, Volume 57, Issue 4, pp 699-709

First online:

Associations between DSM-IV mental disorders and diabetes mellitus: a role for impulse control disorders and depression

  • Peter de JongeAffiliated withInterdisciplinary Center Psychopathology and Emotion Regulation, University Medical Center Groningen, University of Groningen Email author 
  • , Jordi AlonsoAffiliated withCIBER en Epidemiología y Salud Pública (CIBERESP), Spain
  • , Dan J. SteinAffiliated withDepartment of Psychiatry and Mental Health, University of Cape Town
  • , Andrzej KiejnaAffiliated withDepartment of Psychiatry, Wroclaw Medical University
  • , Sergio Aguilar-GaxiolaAffiliated withCenter for Reducing Health Disparities, School of Medicine
  • , Maria Carmen VianaAffiliated withDepartment of Social Medicine, Federal University of Espírito Santo (UFES)
  • , Zhaorui LiuAffiliated withInstitute of Mental Health, Peking University
  • , Siobhan O’NeillAffiliated withSchool of Psychology, University of Ulster
  • , Ronny BruffaertsAffiliated withUniversity Hospital Gasthuisberg
    • , Jose Miguel Caldas-de-AlmeidaAffiliated withChronic Diseases Research Center (CEDOC) and Department of Mental Health, Faculdade de Ciências Médicas, Universidade Nova de Lisboa
    • , Jean-Pierre LepineAffiliated withHôpital Lariboisiére Fernand Widal
    • , Herbert MatschingerAffiliated withClinic of Psychiatry, University of Leipzig
    • , Daphna LevinsonAffiliated withMental Health Services, Ministry of Health
    • , Giovanni de GirolamoAffiliated withHealth Services Research Unit, Institut Municipal d’Investigació Mèdica (IMIM-Hospital del Mar), IRCCS Centro S. Giovanni di Dio Fatebenefratelli
    • , Akira FukaoAffiliated withDepartment of Public Health, Yamagata University School of Medicine
    • , Brendan BuntingAffiliated withPsychology Research Institute, University of Ulster
    • , Josep Maria HaroAffiliated withParc Sanitari Sant Joan de Déu, CIBERSAM, University of Barcelona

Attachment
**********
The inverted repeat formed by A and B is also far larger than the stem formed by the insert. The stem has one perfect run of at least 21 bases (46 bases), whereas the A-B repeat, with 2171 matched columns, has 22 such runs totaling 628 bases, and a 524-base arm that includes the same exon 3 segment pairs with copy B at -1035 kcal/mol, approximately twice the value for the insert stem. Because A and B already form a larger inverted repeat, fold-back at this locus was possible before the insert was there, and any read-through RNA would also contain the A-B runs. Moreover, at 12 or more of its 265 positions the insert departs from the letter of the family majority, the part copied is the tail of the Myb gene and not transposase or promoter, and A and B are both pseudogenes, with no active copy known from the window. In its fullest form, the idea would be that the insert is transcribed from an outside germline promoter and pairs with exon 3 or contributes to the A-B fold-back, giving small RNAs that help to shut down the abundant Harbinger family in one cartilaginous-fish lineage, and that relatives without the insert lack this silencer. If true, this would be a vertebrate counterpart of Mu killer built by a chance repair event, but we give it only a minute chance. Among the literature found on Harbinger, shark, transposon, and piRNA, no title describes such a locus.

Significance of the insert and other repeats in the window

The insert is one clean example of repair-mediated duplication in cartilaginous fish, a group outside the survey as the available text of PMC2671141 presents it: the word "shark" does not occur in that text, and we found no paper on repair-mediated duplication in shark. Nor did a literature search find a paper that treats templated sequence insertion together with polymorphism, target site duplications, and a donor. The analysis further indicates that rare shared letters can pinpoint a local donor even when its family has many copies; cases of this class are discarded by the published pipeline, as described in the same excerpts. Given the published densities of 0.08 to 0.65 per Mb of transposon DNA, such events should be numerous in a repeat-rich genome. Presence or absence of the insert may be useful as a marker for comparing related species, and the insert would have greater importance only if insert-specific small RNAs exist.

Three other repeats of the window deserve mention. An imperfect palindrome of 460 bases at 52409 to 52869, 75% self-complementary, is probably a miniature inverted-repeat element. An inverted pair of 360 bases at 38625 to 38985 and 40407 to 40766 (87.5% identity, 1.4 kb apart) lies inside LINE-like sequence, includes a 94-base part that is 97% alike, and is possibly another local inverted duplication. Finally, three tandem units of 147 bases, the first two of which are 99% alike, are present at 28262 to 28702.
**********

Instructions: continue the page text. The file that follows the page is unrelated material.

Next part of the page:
• , Jose A. Posada-VillaAffiliated withInstituto Colombiano del Sistema Nervioso
    • , Ali Obaid Al-HamzawiAffiliated withAl-Qadisiya University, College of Medicine
    • , Maria Elena Medina-MoraAffiliated withNational Institute of Psychiatry
    • , Marina PiazzaAffiliated withFacultad de Salud Publica y Administración (FASPA), Universidad Peruana Cayetano Heredia
    • , Chiyi HuAffiliated withShenzhen Institute of Mental Health and Shenzhen Kangning Hospital
    • , Carmen SasuAffiliated withNational School of Public Health, Management and Professional Development
    • , Carmen C. W. LimAffiliated withDepartment of Psychological Medicine, University of Otago
    • , Ronald C. KesslerAffiliated withDepartment of Healthcare Policy, Harvard Medical School
    • , Kate M. ScottAffiliated withDepartment of Psychological Medicine, University of Otago



No studies have evaluated whether the frequently observed associations between depression and diabetes could reflect the presence of comorbid psychiatric conditions and their associations with diabetes. We therefore examined the associations between a wide range of pre-existing Diagnostic Statistical Manual, 4th edition (DSM-IV) mental disorders with self-reported diagnosis of diabetes.


We performed a series of cross-sectional face-to-face household surveys of community-dwelling adults (n = 52,095) in 19 countries. The World Health Organization Composite International Diagnostic Interview retrospectively assessed lifetime prevalence and age at onset of 16 DSM-IV mental disorders. Diabetes was indicated by self-report of physician’s diagnosis together with its timing. We analysed the associations between all mental disorders and diabetes, without and with comorbidity adjustment.


We identified 2,580 cases of adult-onset diabetes mellitus (21 years +). Although all 16 DSM-IV disorders were associated with diabetes diagnosis in bivariate models, only depression (OR 1.3; 95% CI 1.1, 1.5), intermittent explosive disorder (OR 1.6; 95% CI 1.1, 2.1), binge eating disorder (OR 2.6; 95% CI 1.7, 4.0) and bulimia nervosa (OR 2.1; 95% CI 1.3, 3.4) remained after comorbidity adjustment.


Depression and impulse control disorders (eating disorders in particular) were significantly associated with diabetes diagnosis after comorbidity adjustment. These findings support the focus on depression as having a role in diabetes onset, but suggest that this focus may be extended towards impulse control disorders. Acknowledging the comorbidity of mental disorders is important in determining the associations between mental disorders and subsequent diabetes.


Comorbidity Depression Epidemiology Impulse control disorders Mental disorders